Aphrodite: Father Zeus has sent us here for you to decide which among us is the most beautiful and will be awarded with the golden apple. Hera: Choose me and I will grant you immense power and wealth. Athena: If you award the apple to me, I will make you the wisest of men and great in war. Aphrodite: Ah, dear Paris, give the golden apple to me, and I will give you, to be your wife, the fairest woman in the world. Paris: Let me think. . All of you have great offers that a man could ever have but I choose to give the apple to Aphrodite. Narrator: Then the golden apple was awarded to Aphrodite and as a reward Aphrodite promise to give the most beautiful woman to Paris, but it happened that Helen, the most beautiful woman in the world was already married to Menelaus, king of Sparta. Aphrodite: We will abduct Helen and take her here in Troy.
Narrator: With help of Aphrodite, Paris abducted Helen and took her in Troy where she remained until the end of the ensuing Trojan War. That is why she is called Helen of Troy. The Greeks planned to restore Helen to Menelaus, king of Sparta. Agamemnon, the wealth and powerful King of Mycenae.
Many Greek heroes joined the expeditionary forces. Among them was Achilles, the greatest and bravest of the Greek heroes. Odysseus, the clever and wily warrior, Diomedes, the bold one, Nestor, the prudent old man, Aias, the giant and the host of other heroes. Aias: Listen to me; we must join forces to win this war against Troy. Agamemnon: We must be skilled and gain more strength to endure until the end. Narrator: After the years of preparation the Greek army landed in Troy and began to attack its fortifications. Aias: Achaians. Attack !!!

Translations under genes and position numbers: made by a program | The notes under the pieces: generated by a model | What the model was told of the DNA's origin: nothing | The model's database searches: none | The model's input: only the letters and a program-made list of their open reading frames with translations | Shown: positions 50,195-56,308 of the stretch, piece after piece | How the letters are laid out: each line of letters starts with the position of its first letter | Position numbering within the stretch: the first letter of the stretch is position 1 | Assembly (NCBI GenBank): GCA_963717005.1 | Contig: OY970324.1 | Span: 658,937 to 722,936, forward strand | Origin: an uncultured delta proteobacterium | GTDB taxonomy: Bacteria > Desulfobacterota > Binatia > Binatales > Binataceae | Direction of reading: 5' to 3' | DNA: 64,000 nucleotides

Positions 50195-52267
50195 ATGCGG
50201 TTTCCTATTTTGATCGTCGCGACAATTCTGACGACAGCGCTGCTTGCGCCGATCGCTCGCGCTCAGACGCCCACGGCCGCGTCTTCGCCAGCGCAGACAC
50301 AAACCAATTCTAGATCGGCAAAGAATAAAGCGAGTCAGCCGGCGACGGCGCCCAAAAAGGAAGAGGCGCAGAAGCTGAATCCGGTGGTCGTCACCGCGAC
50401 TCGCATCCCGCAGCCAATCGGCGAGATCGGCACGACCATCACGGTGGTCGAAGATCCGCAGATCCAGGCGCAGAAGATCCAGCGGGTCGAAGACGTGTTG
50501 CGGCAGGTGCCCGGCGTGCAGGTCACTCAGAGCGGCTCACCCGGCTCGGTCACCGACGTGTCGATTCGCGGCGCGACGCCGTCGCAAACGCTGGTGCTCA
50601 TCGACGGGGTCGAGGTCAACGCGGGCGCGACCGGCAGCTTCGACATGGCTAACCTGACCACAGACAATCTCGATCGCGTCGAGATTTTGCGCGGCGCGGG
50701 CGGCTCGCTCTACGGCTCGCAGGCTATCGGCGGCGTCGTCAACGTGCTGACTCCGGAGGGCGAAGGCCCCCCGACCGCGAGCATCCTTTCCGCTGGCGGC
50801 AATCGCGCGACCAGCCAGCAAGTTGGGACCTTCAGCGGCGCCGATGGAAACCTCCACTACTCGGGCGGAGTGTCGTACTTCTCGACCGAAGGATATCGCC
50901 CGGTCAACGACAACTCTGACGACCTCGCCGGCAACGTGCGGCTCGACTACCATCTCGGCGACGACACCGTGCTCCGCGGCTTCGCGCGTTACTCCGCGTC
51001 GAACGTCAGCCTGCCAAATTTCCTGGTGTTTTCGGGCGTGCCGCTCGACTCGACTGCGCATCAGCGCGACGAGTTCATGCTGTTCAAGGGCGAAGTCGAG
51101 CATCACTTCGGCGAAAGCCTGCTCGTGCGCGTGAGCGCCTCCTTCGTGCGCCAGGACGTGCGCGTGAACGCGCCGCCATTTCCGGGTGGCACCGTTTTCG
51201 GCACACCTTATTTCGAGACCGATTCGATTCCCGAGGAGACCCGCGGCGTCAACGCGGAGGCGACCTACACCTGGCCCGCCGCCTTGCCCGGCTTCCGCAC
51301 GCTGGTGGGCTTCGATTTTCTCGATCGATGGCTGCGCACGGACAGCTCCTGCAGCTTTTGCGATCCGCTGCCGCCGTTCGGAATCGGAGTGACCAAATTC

Narrator: But before this, here was a violent quarrel between Agamemnon, the commander in chief of the Greeks army and Achilles the greatest and bravest warrior. Achilles: What have you done to me? You have taken Briseis even though she’s my concubine and not my legal wife. I have loved her more than anything else. Agamemnon: She’s mine now. Hahaha
Briseis: Achilles help me! Please..
Achilles: You will pay for what you have done!
Narrator: Achilles fell asleep and when he woke up they are gone. Achilles: I will no longer fight anymore.
Narrator: For the duration of most of the pitched battles of the Greeks and Trojans, Achilles stays sulking in his tent. Patroclus: Achilles! Achilles!
Achilles: What is it my friend Patroclus?
Patroclus: Because of your absence in the battlefield, the Trojans led by Prince Hector make bold advances in battle and the Greeks are driven back. Their situation rapidly become worse until most of the leaders are rounded and forced to leave the battle. Achilles: What do you want me to do?
Patroclus: Help us! I am saddened by the growing losses of our countrymen. So please lead your men, Myrmidons. Achilles: I’m still angry with Agamemnon. Sorry but I can’t fight. Patroclus: Alright! But let me lead the Myrmidons.
Narrator: Achilles gives him his permission then Patroclus rallies the Greeks and succeeds in making the Trojans to retreat. Patroclus: Myrmidons. Attack!!
Narrator: Unfortunately, he has been killed by Hector.
Aias: Achilles, Achilles, your friend Patroclus has been slain by Hector. Achilles: He will pay for this.
Narrator: Angered by the death of his dear comrade, Achilles now enters the fight, routes the Trojans, killing them mercilessly. Hector: I’ve been searching for you Achilles. It seems that something led you to this place. Achilles: You will pay for this!
(FIGHTING SCENE OF HECTOR AND ACHILLES)
Narrator: Filled with the dark passion of revenge, he goes after Hector and slays him.